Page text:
A federal court may properly dismiss an action sua sponte under the screening provisions of 28 U.S.C. § 1915(e)(2)(B) and § 1915A(b) if "the action is frivolous or malicious, fails to state a claim upon which relief may be granted, or seeks monetary relief from a defendant who is immune from such relief." Ball v. Famiglio, 726 F.3d 448, 452 (3d Cir. 2013); see also 28 U.S.C. § 1915(e)(2) (in forma pauperis actions); 28 U.S.C. § 1915A (actions in which prisoner seeks redress from a governmental defendant); 42 U.S.C. § 1997e (prisoner actions brought with respect to prison conditions). The court must accept all factual allegations in a complaint as true and take them in the light most favorable to &pro se plaintiff. Phillips v. Country of Allegheny, 515 F.3d 224, 229 (3d Cir. 2008); Erickson v. Pardus, 551 U.S. 89, 93 (2007). Because Nash proceeds pro se, his pleading is liberally construed and his complaint, "however inartfully pleaded, must be held to less stringent standards than formal pleadings drafted by lawyers." Erickson v. Pardus, 551 U.S. at 94 (citations omitted).

         An action is frivolous if it "lacks an arguable basis either in law or in fact." Neitzke v. Williams, 490 U.S. 319, 325 (1989). Under 28 U.S.C. § 1915(e)(2)(B)(i) and § l9l5A(b)(1), a court may dismiss a complaint as frivolous if it is "based on an indisputably meritless legal theory" or a "clearly baseless" or "fantastic or delusional" factual scenario. Neitzke, 490 at 327-28; Wilson v. Rackmill, 878 F.2d 772, 774 (3d Cir. 1989); see, e.g., Deutsch v. United States, 61 F.3d 1080, 1091-92 (3d Cir. 1995) (holding frivolous a suit alleging that prison officials took an inmate's pen and refused to give it back).

         The legal standard for dismissing a complaint for failure to state a claim pursuant to § l9l5(e)(2)(B)(ii) and § 1915A(b)(1) is identical to the legal standard used when ruling on Rule 12(b)(6) motions. Tourscher v. McCullough, 184 F.3d 236, 240 (3d Cir. 1999) (applying Fed.R.Civ.P. 12(b)(6) standard to dismissal for failure to state a claim under § 1915(e)(2)(B)). However, before dismissing a complaint or claims for failure to state a claim upon which relief may be granted pursuant to the screening provisions of 28 U.S.C. §§ 1915 and 1915A, the court must grant Nash leave to amend his complaint unless amendment would be inequitable or futile. See Grayson v. Mayview State Hosp., 293 F.3d 103, 114 (3d Cir. 2002).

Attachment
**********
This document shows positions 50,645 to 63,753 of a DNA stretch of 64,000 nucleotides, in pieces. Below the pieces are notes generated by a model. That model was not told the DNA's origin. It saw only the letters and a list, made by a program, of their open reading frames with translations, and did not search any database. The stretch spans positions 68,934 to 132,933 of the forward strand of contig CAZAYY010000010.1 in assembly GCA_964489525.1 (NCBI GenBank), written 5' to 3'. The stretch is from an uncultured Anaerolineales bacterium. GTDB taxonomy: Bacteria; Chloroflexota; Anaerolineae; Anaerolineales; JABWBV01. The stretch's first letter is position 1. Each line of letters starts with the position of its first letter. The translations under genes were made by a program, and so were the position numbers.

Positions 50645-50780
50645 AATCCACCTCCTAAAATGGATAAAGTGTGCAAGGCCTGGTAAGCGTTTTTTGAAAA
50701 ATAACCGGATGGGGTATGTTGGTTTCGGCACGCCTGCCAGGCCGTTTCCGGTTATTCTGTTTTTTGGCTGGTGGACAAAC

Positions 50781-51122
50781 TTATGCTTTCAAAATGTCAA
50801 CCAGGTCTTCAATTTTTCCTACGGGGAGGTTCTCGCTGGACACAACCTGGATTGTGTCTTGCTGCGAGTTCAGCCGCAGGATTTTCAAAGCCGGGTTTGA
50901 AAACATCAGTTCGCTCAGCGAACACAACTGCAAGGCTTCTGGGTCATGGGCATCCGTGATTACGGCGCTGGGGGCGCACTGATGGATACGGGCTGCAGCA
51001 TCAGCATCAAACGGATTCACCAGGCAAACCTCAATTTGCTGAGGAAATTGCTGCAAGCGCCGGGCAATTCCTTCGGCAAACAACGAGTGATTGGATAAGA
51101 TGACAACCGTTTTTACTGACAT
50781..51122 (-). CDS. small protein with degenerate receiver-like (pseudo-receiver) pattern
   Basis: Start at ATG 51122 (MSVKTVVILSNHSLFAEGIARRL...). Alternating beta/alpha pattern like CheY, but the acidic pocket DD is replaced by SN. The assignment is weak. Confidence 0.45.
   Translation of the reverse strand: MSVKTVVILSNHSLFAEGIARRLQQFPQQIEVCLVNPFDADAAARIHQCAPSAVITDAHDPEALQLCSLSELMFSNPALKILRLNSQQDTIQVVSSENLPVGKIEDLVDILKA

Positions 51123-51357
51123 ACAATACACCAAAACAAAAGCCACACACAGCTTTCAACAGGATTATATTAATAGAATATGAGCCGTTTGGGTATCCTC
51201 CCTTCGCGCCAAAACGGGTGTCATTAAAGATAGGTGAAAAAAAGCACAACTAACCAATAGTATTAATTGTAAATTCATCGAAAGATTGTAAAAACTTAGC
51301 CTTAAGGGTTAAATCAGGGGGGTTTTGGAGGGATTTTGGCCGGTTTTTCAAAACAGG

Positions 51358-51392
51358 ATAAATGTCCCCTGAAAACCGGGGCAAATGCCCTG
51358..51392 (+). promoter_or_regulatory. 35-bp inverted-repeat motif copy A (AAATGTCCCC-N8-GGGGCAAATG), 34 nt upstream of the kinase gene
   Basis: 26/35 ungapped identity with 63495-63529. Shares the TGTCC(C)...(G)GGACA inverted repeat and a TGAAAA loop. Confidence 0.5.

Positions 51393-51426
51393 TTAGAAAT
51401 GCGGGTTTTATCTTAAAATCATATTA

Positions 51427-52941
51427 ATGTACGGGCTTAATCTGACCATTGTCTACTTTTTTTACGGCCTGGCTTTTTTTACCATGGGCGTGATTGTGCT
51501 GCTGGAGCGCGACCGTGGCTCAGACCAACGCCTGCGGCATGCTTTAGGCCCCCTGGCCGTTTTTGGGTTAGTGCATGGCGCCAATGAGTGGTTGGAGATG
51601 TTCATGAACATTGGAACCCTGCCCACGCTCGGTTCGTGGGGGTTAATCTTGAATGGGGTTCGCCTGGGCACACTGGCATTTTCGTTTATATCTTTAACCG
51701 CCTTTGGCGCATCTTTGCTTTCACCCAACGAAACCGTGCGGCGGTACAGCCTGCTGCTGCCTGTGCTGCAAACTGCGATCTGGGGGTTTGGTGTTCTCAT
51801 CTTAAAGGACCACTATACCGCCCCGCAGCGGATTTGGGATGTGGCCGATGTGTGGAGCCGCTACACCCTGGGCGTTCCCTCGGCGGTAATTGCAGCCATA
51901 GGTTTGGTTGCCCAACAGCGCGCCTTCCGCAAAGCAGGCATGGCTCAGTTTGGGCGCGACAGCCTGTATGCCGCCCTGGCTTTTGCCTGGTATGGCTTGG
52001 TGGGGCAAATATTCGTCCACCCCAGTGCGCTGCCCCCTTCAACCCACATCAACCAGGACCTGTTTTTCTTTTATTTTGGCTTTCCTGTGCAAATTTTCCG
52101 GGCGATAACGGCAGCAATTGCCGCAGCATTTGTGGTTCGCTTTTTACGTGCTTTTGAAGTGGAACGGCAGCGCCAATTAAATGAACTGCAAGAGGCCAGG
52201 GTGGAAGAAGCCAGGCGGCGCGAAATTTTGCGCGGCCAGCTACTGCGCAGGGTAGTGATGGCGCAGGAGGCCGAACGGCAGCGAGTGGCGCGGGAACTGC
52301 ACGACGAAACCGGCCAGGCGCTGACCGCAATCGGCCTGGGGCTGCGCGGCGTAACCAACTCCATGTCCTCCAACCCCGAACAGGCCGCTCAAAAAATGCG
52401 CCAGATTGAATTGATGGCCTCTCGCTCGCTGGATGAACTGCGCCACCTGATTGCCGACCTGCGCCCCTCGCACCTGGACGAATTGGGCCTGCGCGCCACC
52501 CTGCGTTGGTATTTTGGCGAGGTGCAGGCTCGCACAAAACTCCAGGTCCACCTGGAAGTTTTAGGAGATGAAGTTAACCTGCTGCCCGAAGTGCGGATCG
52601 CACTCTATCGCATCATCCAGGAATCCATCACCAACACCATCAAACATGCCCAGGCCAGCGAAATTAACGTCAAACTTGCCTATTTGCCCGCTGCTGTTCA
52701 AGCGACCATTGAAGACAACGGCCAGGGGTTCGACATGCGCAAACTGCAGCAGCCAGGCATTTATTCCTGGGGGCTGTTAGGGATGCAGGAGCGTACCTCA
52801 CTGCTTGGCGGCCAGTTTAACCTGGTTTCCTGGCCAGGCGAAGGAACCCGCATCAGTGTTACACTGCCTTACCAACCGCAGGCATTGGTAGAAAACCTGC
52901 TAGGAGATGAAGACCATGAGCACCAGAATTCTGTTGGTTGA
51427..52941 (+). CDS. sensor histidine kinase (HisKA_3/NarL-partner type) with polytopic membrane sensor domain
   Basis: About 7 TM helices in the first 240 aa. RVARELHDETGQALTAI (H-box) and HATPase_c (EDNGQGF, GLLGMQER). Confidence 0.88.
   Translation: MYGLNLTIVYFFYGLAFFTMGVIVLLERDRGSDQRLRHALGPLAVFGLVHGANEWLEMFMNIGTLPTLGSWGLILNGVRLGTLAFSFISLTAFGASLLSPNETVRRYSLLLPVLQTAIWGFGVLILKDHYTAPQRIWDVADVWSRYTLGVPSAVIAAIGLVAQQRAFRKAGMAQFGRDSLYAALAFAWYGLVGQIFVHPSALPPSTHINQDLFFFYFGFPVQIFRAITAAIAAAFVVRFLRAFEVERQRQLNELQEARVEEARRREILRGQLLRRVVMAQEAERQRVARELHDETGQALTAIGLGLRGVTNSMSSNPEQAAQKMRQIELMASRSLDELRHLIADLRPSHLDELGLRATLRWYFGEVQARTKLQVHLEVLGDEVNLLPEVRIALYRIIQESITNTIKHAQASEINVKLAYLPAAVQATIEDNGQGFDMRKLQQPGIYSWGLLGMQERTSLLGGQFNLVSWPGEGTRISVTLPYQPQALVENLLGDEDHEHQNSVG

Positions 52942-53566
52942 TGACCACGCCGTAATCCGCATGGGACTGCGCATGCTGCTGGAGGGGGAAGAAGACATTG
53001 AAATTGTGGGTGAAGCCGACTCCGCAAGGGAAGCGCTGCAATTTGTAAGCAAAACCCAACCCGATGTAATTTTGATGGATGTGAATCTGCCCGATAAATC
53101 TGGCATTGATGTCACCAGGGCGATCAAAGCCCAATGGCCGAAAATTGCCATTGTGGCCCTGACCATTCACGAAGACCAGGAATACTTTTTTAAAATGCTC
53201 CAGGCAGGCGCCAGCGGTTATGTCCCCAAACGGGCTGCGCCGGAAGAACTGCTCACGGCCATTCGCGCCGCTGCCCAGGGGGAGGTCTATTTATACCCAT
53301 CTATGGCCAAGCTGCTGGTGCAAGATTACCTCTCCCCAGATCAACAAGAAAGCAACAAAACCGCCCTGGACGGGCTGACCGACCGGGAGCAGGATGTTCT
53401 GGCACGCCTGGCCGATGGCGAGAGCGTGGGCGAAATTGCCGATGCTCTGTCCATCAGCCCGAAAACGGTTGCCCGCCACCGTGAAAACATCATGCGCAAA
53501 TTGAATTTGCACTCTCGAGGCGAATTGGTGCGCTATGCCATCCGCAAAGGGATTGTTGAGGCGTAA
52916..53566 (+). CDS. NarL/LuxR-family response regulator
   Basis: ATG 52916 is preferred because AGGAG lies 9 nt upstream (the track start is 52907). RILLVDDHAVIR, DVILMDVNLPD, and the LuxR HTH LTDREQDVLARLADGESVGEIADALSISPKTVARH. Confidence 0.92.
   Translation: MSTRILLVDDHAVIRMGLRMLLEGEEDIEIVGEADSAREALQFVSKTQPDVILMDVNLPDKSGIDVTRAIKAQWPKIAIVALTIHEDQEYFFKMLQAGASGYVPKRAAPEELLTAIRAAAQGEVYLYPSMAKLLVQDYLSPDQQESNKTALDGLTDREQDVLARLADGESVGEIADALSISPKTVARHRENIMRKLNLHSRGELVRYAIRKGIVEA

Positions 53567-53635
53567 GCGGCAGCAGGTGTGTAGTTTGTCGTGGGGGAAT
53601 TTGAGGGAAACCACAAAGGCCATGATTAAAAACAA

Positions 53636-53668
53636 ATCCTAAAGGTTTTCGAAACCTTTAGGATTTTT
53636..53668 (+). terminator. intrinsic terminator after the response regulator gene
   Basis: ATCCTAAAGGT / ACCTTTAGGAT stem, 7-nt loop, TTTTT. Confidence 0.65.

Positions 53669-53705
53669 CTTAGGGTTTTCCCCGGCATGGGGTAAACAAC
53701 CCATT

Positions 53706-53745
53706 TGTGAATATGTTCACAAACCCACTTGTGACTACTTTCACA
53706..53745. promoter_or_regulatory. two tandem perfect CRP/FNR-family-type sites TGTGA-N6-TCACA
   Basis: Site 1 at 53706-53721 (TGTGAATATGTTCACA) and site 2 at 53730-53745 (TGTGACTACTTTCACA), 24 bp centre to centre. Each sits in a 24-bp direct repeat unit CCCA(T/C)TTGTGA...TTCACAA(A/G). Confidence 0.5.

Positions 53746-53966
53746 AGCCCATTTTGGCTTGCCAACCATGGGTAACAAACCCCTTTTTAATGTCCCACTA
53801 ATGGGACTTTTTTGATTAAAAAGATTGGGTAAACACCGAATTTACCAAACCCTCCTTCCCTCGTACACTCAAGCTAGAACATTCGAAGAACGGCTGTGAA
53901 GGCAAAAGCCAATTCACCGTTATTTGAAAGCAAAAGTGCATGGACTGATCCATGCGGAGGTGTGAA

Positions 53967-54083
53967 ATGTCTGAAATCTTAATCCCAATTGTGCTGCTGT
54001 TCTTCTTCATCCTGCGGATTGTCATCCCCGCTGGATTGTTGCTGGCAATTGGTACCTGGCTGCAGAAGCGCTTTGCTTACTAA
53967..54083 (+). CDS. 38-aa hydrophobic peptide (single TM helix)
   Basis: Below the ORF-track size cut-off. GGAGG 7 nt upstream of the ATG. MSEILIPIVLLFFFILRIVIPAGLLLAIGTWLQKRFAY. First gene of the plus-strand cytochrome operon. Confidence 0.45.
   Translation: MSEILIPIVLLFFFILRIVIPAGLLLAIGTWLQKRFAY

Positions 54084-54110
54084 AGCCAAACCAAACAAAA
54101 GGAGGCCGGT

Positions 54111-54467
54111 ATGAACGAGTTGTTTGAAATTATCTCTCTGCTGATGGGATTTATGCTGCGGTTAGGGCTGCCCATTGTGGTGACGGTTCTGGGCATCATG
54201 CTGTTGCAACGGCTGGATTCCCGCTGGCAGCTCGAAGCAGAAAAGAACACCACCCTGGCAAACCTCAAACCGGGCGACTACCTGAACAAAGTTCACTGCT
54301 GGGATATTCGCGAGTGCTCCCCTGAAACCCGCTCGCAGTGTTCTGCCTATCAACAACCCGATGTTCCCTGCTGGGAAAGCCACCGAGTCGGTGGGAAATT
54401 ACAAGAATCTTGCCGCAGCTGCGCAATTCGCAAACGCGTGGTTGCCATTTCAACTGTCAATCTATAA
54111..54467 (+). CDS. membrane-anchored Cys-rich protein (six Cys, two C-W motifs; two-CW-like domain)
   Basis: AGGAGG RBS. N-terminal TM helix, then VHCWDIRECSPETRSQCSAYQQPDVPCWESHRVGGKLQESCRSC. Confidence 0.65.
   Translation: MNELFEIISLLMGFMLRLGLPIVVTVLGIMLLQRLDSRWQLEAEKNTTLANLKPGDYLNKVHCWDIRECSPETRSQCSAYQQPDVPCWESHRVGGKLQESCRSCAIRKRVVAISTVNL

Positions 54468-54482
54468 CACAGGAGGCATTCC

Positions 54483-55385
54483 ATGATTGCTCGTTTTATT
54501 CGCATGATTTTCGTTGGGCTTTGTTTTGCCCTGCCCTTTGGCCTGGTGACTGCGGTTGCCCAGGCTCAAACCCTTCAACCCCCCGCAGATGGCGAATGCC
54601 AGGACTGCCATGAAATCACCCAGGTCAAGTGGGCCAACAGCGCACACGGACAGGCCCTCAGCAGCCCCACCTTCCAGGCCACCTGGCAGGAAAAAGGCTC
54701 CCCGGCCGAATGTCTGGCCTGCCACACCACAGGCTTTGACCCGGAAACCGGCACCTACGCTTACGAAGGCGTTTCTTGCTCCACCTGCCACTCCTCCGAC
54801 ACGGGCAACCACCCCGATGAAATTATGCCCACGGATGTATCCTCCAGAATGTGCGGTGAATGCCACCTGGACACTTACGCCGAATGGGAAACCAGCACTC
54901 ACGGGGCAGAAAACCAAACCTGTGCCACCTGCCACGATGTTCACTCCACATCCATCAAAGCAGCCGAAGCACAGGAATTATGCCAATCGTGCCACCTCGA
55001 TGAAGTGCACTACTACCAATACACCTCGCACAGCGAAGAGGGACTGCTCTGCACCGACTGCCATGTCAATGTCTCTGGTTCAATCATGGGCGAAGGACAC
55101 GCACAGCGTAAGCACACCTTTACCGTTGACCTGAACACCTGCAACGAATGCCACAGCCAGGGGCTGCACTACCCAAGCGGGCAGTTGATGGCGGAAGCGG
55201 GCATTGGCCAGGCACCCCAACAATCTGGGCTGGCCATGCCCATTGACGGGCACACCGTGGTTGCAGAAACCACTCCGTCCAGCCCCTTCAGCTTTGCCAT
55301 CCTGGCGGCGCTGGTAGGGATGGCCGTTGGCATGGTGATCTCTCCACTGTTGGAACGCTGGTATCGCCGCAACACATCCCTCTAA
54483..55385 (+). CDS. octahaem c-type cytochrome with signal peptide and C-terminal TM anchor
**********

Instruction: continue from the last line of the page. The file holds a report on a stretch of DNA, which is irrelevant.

A well-pleaded complaint must contain more than mere labels and conclusions. See Ashcroft v. Iqbal, 556 U.S. 662 (2009); Bell Atl Corp. v. Twombly, 550 U.S. 544 (2007). A plaintiff must plead facts sufficient to show that a claim has substantive plausibility. See Johnson v. City of Shelby, __ U.S. __, 135 S.Ct. 346, 347 (2014). A complaint may not dismissed, however, for imperfect statements of the legal theory supporting the claim asserted. See Id. at 346.

         Under the pleading regime established by Twombly and Iqbal, a court reviewing the sufficiency of a complaint must take three steps: (1) take note of the elements the plaintiff must plead to state a claim; (2) identify allegations that, because they are no more than conclusions, are not entitled to the assumption of truth; and (3) when there are well-pleaded factual allegations, the court should assume their veracity and then determine whether they plausibly give rise to an entitlement to relief. Connelly v. Lane Const. Corp.,809 F.3d 780, 787 (3d Cir. 2016) (internal citations and quotations omitted). Elements are sufficiently alleged when the facts in the complaint "show" that the plaintiff is entitled to relief. Iqbal, 556 U.S. at 679 (quoting ...